Americans say ‘no’ to Joe in ANOTHER dire poll: Just 26% of likely voters think Biden should run for reelection in 2024 as questions keen swirling over if he will make another bid and Democrats are split on if he should
- 60% of Americans don’t want President Joe Biden run for reelection in 2024
- Democrats are split 44%-40% on those who do and don’t want another four years
- The Rasmussen poll shows that if the 2024 presidential election were held today, former President Donald Trump would win
- 40% of likely voters said they would vote for Biden and 44% for Trump
Most Americans do not want to see Joe Biden run for reelection, another dire poll shows just three weeks before the midterms – and Democrats are split on whether they want to see the incumbent as their candidate in 2024.
Sixty percent of American voters overall do not want another four years of Biden after his first term, a Rasmussen Reports poll reveals.
On the other hand, only 26 percent – just over one-fourth – of voters say they want to see him run again, while 14 percent of respondents say they are unsure.
The survey was conducted October 12-13 among 1,000 likely U.S. voters.
When the Democratic respondents were taken into consideration, there was only a 4 percent margin between those who said they want to see another Biden run compared to those who do not want him on the ballot.
Forty percent of Democratic voters don’t want Biden running for reelection and 44 percent of this voting bloc feel the opposite – while another 16 percent of Democrats are unsure on the matter.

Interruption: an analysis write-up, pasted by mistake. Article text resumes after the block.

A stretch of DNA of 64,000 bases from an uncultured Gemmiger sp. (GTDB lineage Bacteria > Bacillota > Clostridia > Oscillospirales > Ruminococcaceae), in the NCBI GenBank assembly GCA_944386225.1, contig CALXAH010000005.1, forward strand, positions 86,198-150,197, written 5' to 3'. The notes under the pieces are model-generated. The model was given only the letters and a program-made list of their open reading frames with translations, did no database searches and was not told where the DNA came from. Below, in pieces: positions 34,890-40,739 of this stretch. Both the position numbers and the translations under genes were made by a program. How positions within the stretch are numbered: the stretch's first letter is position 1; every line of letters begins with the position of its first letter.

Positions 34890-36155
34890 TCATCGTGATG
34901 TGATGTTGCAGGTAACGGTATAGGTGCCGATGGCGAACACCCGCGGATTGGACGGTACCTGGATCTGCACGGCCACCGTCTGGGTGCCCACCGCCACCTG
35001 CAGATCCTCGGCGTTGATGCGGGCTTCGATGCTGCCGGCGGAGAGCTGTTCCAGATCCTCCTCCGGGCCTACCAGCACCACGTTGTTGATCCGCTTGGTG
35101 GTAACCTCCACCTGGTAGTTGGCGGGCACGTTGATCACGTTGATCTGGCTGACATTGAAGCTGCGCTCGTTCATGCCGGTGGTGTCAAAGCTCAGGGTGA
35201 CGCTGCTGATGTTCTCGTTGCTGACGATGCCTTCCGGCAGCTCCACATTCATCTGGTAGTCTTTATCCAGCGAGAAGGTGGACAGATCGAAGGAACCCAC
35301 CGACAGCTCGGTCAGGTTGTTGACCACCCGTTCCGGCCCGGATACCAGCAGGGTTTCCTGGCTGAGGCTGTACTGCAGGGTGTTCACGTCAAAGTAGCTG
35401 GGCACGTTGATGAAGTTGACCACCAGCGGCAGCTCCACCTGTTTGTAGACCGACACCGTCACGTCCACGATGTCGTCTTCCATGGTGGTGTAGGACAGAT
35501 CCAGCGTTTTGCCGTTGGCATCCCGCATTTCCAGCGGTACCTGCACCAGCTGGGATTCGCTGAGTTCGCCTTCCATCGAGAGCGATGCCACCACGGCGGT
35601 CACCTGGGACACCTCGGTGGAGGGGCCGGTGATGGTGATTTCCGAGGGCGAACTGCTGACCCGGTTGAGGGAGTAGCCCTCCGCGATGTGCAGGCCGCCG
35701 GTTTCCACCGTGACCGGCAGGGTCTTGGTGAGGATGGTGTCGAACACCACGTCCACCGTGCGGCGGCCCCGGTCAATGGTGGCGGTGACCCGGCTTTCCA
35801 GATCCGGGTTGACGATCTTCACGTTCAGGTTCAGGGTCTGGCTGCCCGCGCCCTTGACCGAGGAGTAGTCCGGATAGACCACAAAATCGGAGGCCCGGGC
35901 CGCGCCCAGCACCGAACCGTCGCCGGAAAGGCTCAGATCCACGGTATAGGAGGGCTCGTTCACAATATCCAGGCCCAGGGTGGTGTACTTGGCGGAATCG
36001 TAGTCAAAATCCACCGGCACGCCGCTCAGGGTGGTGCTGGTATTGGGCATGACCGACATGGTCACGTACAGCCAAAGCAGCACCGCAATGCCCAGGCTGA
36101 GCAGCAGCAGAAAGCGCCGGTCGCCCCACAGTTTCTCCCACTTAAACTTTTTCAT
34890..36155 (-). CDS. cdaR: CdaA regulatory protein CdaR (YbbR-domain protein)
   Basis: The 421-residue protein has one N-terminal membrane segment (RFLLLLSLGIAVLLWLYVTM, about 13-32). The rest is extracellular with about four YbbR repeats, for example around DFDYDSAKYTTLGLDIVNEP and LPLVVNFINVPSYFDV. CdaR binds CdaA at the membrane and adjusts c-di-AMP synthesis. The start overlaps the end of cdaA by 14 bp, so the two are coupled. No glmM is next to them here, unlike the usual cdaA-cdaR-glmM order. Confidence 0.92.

A new survey shows that 60 percent of Americans don’t want to see President Joe Biden run for reelection in 2024
Democrats are split, with 40 percent saying the don’t want another four years of Biden and 44 percent of this voting bloc saying they do want another run from the ibcumbent
The Rasmussen poll shows that if the 2024 presidential election were held today, former President Donald Trump would win. Only 40 percent of likely voters said they would cast their ballots for Biden and 44 percent for Trump.
Another 12 percent would choose a different candidate if there were a Biden-Trump rematch.
If this hypothetical rematch were held today, voters unaffiliated with Democrats or Republicans prefer Trump by a 12-point margin of 43 percent to 31 percent.
Republicans, unsurprisingly, are highly against another four years of Biden in the Oval Office.
The GOP and other critics constantly complain about Biden’s age, mental and physical fitness, frequent public gaffes, his son’s foreign business dealings, ignorance of the southern border crisis and the economy under his leadership.
Inflation and gas prices hit high points during Biden’s first two years as president – and now experts say the U.S. is 100 percent on track for a recession after the White House downplayed concerns of the downward trending GDP coming out of the coronavirus pandemic.
The same poll shows that 43 percent of voters are confident Biden is mentally and physically up to the job of being president – but only 26 percent are ‘very confident’ in that notion.
But another 40 percent are ‘not at all confident’ in his abilities.
These findings have only slightly changed since the same poll was conducted in February.
Biden has not yet said officially if he will run for reelection in 2024, but has indicated that his intentions are for another four years after his first term.
He has also downplayed concerns about his age and criticism that he is mentally and physically unfit for office.
The poll results are dire with just 22 days until the midterm elections as Democrats try to hold onto their majorities in the House and Senate – and Biden plans to hit the campaign trail later this month.
With Biden’s approval ratings still hovering in the low 40s, other Democrats are also venturing onto the trail to try and propel candidates in toss-up, battleground and at-risk districts.
Former President Barack Obama plans later this month to try and help candidates in Michigan, Wisconsin and Georgia ride his coattails to public office – this includes once-failed Georgia gubernatorial candidate Stacey Abrams in her second attempt at the governor’s mansion.